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Department of Premier and Cabinet

Are your actions in line with your council’s code of conduct?

The code of conduct framework for Tasmanian councillors is prescribed under Part 3, Division 3A (Code of conduct, complaints and complaint resolution) of the Act. A council is required to adopt the model code of conduct as its code of conduct relating to the conduct of its councillors. The model code of conduct is made by order of the Minister responsible for local government and provides for matters such as conflict of interest, gifts and benefits, and use of council resources.

In performing the functions and exercising the powers of your office of councillor, you are required by section 28U of the Act to comply with the standard of behaviour set out in your council’s code of conduct.

Any person may make a code of conduct complaint against a councillor within six months after the councillor has allegedly committed a code of conduct contravention. A complaint is to be lodged with the general manager of the relevant council and accompanied by the prescribed fee.

The Act sets out the process for code of conduct complaints to be investigated and determined by the Code of Conduct Panel. After an initial assessment, the Panel may dismiss a complaint if it is considered frivolous or vexatious. The complainant and the respondent councillor bear their own costs relating to the investigation and determination of a code of conduct complaint.

The Act prescribes the sanctions available to the Panel for breaches of a council’s code of conduct. Sanctions include cautioning or reprimanding a councillor, or requiring them to apologise to a person or attend counselling or a training course. The Panel is also provided with the power to suspend a councillor for up to three months (without allowances) for serious breaches of the code of conduct.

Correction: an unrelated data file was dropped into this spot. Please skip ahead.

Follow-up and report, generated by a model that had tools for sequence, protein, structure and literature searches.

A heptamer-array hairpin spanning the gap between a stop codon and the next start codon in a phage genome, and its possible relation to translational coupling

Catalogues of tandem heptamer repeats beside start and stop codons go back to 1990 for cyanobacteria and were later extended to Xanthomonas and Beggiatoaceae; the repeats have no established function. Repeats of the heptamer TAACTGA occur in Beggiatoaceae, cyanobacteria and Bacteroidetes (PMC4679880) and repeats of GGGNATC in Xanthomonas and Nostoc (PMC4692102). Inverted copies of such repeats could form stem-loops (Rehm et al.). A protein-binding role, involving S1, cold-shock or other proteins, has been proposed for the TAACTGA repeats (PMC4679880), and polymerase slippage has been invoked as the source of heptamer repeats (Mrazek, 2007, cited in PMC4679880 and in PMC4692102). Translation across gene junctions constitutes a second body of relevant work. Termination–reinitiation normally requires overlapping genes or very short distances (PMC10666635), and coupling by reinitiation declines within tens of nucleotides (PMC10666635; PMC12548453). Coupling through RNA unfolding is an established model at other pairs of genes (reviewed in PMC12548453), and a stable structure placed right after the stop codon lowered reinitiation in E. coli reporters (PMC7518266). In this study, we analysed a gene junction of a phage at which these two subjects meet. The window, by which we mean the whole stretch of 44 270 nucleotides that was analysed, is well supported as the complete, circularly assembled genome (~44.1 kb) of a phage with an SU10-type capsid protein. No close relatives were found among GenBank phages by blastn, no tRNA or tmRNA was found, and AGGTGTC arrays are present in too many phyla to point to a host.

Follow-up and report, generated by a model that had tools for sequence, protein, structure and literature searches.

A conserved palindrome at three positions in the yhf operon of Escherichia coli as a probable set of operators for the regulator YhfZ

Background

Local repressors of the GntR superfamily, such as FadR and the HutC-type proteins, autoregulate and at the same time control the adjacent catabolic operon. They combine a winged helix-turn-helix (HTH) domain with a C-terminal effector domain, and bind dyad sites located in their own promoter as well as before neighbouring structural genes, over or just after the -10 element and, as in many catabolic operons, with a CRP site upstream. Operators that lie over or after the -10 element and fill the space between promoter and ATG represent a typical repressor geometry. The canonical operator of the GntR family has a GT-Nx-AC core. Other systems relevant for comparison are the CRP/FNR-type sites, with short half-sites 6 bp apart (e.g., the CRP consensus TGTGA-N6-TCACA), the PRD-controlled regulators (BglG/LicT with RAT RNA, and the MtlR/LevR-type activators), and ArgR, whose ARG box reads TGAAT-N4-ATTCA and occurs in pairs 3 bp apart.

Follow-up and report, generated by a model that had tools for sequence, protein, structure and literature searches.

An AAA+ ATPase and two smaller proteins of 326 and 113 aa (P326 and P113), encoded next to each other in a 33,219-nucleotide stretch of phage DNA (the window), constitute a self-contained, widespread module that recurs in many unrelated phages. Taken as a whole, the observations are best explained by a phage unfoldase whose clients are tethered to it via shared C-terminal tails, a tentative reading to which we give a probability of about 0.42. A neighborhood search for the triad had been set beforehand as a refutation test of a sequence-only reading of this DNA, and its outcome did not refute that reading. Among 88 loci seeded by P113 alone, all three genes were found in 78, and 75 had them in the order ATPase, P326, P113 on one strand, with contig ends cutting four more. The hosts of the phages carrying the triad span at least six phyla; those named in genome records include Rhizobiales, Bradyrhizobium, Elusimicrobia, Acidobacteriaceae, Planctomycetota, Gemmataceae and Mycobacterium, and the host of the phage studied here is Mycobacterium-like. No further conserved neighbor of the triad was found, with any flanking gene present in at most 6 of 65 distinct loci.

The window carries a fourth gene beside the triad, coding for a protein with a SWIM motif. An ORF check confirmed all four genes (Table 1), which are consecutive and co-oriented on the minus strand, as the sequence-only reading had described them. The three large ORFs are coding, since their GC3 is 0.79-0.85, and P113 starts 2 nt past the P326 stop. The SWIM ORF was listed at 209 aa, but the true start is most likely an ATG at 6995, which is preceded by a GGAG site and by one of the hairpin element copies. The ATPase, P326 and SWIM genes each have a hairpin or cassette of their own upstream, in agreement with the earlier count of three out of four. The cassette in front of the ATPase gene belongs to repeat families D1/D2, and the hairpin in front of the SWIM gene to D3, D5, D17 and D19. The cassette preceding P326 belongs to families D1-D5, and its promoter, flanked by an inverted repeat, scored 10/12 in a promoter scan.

Failing to comply with a sanction imposed by the Panel is an offence under the Act. If a councillor fails to apologise or attend counselling or a training course, he or she may face a penalty or a fine not exceeding 50 penalty units.

The Minister responsible for local government may remove a councillor from office if he or she has received a suspension sanction for three code of conduct breaches during one term of office or two consecutive terms of office.

If a complaint is substantiated, the Panel provides a determination report, which is tabled at the first practicable open meeting of the relevant council. Any confidential council information associated with a complaint is tabled in closed session. Councils are required to publicly disclose in their annual reports any breaches of the code of conduct, including all costs associated with code of conduct complaints.

There is an appeal right from a Panel determination to the Magistrates Court (Administrative Appeals Division) on the basis that the Panel failed to comply with the rules of natural justice.